8 Things You Need to Know About Buying Bonds Now

Investors dumped bonds at a record rate in June. Some say they’re now a bargain.

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If the Federal Reserve is planning to stop buying bonds should you do the same? The answer that investment managers and risk advisers give is that individual investors should definitely start "tapering" too – if they haven't already.

Many already have dumped their bond funds. The Fed in mid-June confirmed plans to start cutting back on its $1 trillion a year in bond purchases as early this fall. TrimTabs Investment Research says bond fund redemptions had already reached a single-month record $61.7 billion worth with a week left in the month. TrimTabs says it's a "dramatic departure" of mutual fund faithfuls who have been pouring funds into bonds since the stock crash of 2008.

As the fund exodus accelerated, bond prices tumbled and yields rose, the debate became whether the market had overshot. And no doubt there are amazing fixed income trading opportunities after the panic selling that caused the benchmark 10-year U.S. bond yield to leap 67 percent, from its May low of 1.5 percent to 2.5 percent now.

But unless you are a bond trader, the long-term trend is clear. Rates will rise, and advisers say to ignore the day-to-day financial television chatter of bond market insiders and Fed officials doing damage control in the market.

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"There will be more landmines ahead for income investors," says Anton Bayer of Up Capital Management, an investment and financial planning firm. "And as interest rates rise, the risk of credit problems will grow." He says this means investors should worry not only about the loss of yield, but also repayment problems.

What should investors consider as they make investment choices going forward. Here are tips from allocation experts:

1. Avoid long-term or intermediate fixed-income bonds. Fixed-rate bond prices lose value as higher-yielding securities flood the market. Once they decline during the Fed "tapering," which has not even started yet, they may not regain value for a long time.

2. Bond funds are more vulnerable to market swings than individual bonds. If you bought a bond to hold to maturity it will pay its yield then repay you at par value. For holders of bond funds, however, there is no such protection from market swings. Their value floats each day depending on the market prices of the fund's holdings, and that's what investors will get when they sell.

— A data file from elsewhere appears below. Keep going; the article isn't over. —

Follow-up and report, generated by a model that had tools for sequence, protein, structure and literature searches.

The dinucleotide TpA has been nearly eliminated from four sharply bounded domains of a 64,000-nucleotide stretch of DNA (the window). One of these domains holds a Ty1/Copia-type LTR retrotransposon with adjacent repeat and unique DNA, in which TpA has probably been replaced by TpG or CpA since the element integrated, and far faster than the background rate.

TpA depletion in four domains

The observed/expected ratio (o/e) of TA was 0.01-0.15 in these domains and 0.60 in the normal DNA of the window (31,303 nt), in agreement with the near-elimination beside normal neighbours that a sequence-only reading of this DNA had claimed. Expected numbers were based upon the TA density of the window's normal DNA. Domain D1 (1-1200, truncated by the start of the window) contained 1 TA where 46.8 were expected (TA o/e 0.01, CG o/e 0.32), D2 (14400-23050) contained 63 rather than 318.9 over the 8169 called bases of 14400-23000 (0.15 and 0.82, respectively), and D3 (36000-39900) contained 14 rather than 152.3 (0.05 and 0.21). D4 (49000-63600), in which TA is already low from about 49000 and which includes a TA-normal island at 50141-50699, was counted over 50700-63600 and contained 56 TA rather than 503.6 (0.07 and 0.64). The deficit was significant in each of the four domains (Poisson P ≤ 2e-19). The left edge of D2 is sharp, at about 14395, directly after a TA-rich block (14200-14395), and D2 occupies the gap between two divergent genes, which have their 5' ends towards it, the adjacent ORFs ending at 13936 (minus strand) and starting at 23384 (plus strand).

3. Debt of short-duration will hold up better than longer-dated. With their shorter maturities, these funds can to shake off the effects of rising rates and move on as the funds turn over their holdings. Bryn Mawr Trust Chief Investment Officer Ernie Cecilia cites funds like Vanguard Short-Term Investment Grade Fund and Pimco Low Duration Fund as solid options that will hold up relatively well.

4. Strategic allocation multi-sector bond funds might hold up better as well. These funds swap between longer and shorter maturities depending on market conditions and employ hedging and other strategies to limit the impact of rising rates. They could be better bets in a time of transition to higher rates, says Bayer of Up Capital.

5. Total return funds like Pimco Total Return Fund, run by Pimco founder and co-chief investment officer Bill Gross, tend to have more long-dated securities than other bond fund classes and are more susceptible to market swings. Gross's Pimco fund fell to the bottom of the pack over the past month when the bond market turned sharply lower. His fund was also slammed as bond prices turned higher two years ago. Bayer says total return funds whose strategy of maximizing returns may work well in stable times can have problems during market transitions.

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6. High-yield and junk bonds, and the mutual funds that hold them, might outperform at some point soon in the cycle. They behave differently from other fixed income because their prices are affected much more by credit quality. Defaults decline in stronger economic times, which boosts their market price and total return. They fell sharply with the rest of the bond market. But it boosted yields from all-time lows of 5 percent to a more attractive average of more than 6.5 percent.